The headlines pulled no punches after a poor January and a tough start to February for stocks: “Brutal” said one, “horrific” said another.

The natural human compulsion in such times is to take action. Yet before investors really absorb such headlines, the time for action will have passed. And that’s the problem.

The solution, to cite Vanguard Group founder John Bogle, is to do nothing at all. While that sounds like a weak strategy, it’s the only strategy retirement investors should consider.

Here’s why: You are not a hedge fund. You are not paid to manage other people’s money. You are not compensated for the time you spend reading headlines on finance web sites or poring over earnings.

Nobody gives you a bonus at the end of the year for attracting more money to your fund or for going on TV to blather about global politics. You simply are not a money manager.

The difference is subtle but important. As a retirement investor, it’s likely that you feel the urge to actively “run” your own money. But the incentives aren’t there. It’s not your job. At best, it’s an expensive hobby.

Wall Street would prefer that you think, and behave, otherwise. The whole structure of the retail investment business rests on the mistaken notion that small investors have a role to play.

They don’t. In fact, retail buying and selling at a breakneck pace during market setbacks is exactly how Wall Street makes its living, through commissions and by trying to take the other side of whatever trade you might be pondering.

Bogle put it this way in a recent column online:

While the interests of the business are served by the aphorism “Don’t just stand there. Do something!” the interests of investors are served by an approach that is its diametrical opposite: “Don’t do something. Just stand there!”

Do nothing? Just sit still and watch the market fall? Yes, that’s right.

Life lessons

In part, it’s right because there’s no way for you to react with enough speed and agility to affect the outcome. But it’s also because reacting costs you money — big money.

Having the overwhelming urge to react to a market decline is not smart investing. It’s reacting, and that’s all. If you are a young, long-term investor with decades ahead to save, falling stock prices is great news, a chance to layer into positions at lower prices.

If you are near-retiree with a properly allocated portfolio, the last few weeks have been an interesting blip on your radar and nothing more. Something to gab about, perhaps, but by no means a real problem that requires action today.

However, if you are an older investor near retirement who is nevertheless acting like a young investor, well, yes, you should be worried. And that’s where the big money comes in.

Chances are high you will wait before selling it all. And wait. And wait some more. Right about when stocks finally bottom — in a week or a month or mid-year, whenever it happens — that’s when you will sell, locking in your losses permanently.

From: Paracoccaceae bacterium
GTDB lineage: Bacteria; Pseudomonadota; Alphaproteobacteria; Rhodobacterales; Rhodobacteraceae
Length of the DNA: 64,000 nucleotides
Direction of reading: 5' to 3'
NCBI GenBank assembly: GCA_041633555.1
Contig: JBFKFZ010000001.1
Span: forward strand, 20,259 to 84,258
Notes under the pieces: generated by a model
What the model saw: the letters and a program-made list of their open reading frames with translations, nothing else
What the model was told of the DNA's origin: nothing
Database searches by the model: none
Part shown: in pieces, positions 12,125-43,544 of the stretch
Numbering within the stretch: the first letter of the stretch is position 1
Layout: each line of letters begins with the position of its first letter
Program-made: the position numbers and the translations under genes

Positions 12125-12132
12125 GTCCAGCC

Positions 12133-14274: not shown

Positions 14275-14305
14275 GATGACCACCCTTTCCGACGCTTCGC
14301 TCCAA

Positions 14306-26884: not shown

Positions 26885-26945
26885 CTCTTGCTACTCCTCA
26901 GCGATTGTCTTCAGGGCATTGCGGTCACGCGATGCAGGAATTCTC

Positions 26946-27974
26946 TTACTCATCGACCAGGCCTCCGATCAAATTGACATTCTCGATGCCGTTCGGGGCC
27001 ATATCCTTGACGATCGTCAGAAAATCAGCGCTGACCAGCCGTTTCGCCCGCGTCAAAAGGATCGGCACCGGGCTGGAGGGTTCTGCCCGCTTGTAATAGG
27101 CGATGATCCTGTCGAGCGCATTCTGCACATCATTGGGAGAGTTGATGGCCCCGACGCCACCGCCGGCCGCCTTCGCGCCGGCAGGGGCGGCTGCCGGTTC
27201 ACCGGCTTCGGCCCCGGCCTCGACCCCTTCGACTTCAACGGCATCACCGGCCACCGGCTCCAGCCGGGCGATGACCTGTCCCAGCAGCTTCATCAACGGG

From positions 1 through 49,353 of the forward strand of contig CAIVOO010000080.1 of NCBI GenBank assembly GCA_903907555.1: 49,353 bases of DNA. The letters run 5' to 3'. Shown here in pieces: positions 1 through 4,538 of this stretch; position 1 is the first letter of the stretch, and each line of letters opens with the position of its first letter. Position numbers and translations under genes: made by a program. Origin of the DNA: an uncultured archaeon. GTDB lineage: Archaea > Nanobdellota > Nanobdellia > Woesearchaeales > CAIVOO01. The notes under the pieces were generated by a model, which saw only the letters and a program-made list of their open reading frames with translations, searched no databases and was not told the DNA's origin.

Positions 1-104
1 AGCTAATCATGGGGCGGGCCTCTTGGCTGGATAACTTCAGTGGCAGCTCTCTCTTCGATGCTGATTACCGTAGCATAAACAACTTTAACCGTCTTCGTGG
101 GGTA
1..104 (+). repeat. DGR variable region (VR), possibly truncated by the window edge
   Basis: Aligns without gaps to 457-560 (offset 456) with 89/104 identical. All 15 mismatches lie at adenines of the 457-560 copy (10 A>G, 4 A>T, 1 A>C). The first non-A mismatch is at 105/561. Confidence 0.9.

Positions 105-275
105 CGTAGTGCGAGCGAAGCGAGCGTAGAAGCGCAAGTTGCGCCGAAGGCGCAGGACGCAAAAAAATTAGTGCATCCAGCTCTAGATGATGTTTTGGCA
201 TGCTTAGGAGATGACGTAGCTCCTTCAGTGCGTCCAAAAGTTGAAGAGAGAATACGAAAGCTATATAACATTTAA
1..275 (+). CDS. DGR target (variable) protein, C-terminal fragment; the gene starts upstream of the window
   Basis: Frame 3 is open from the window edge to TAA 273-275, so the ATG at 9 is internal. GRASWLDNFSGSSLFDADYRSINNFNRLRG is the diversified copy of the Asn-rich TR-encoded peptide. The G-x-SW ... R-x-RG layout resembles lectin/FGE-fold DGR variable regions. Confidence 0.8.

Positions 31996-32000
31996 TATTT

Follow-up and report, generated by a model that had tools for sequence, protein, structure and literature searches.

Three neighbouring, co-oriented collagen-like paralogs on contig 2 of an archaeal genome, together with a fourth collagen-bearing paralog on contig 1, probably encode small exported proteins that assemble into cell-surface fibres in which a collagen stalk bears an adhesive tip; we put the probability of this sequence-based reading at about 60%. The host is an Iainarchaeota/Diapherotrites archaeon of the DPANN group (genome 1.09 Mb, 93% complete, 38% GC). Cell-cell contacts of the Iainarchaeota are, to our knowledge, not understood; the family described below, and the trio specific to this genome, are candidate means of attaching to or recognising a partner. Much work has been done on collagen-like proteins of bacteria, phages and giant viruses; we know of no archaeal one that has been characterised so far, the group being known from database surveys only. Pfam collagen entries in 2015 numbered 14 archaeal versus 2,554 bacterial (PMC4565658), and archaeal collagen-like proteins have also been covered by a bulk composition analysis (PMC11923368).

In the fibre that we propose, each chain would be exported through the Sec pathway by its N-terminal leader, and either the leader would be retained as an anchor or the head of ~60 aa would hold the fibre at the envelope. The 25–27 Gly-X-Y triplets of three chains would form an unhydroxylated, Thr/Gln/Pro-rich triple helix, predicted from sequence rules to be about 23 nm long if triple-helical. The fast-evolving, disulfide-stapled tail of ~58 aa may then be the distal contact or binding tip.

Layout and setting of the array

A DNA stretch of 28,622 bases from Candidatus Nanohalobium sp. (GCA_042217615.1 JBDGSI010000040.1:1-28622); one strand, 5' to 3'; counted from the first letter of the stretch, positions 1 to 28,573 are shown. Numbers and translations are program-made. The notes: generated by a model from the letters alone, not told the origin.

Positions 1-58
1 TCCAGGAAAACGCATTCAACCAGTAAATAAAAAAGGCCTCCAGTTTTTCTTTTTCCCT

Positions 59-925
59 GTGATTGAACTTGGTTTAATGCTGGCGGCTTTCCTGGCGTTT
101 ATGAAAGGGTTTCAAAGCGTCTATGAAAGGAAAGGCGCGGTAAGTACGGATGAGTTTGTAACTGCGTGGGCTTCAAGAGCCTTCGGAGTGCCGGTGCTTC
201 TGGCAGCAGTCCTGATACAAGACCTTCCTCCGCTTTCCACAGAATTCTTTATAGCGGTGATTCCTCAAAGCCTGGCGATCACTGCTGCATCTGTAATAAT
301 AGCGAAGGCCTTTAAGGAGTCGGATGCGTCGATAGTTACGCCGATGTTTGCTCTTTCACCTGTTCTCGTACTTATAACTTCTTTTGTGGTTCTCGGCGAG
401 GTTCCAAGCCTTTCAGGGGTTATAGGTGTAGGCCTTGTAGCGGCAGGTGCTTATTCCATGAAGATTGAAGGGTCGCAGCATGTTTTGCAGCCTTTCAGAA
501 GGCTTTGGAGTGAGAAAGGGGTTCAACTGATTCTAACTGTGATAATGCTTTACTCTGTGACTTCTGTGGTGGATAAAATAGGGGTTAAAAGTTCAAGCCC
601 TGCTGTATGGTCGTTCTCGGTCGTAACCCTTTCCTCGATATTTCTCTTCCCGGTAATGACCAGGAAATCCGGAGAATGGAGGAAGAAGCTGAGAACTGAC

The young investor who commits this kind of mistake can recover. In fact, it can be a “good” mistake to make, a life lesson if you will. If you are older, there is no room for error.

There are two fundamental pieces of math to remember here. The first is about percentages.

If you have $100,000 and the market makes a 10% correction, your investment is now down to $90,000. You decide to sell. Question: What return do you need to recover?

If you said “10%,” pull out a calculator and try again. You need more, about 11.1% or so, to get back to even — if you sold the investment. To recover from a 20% loss you need a 25% return.

The farther down you cash out, the bigger the gain you need to get it back.

Winning long

The second piece of math is courtesy of Bogle. If you pay a hefty fee to an active manager, what happens to your potential return?

Answer: Nothing good. At 2.5% over a typical investor’s lifetime, an astounding 80% of compounding returns ends up in the hands of the manager, not the investor, by Bogle’s calculations.

Says Bogle: “When our financial system — essentially our money managers, marketers of investment products and stockbrokers — put up zero percent of the capital and assume zero percent of the risk yet receive fully 80% of the return, something has gone terribly wrong in our financial system.”

To put it another way, the retirement investor should be like a wily boxer. Don’t get worn down by the nasty punch of investment fees or let yourself be knocked out by selling at a market bottom.

Wall Street wants you to throw wild punches that will tire you out. If you can stay on your feet for all 12 rounds, compounding will guarantee you a win by decision.

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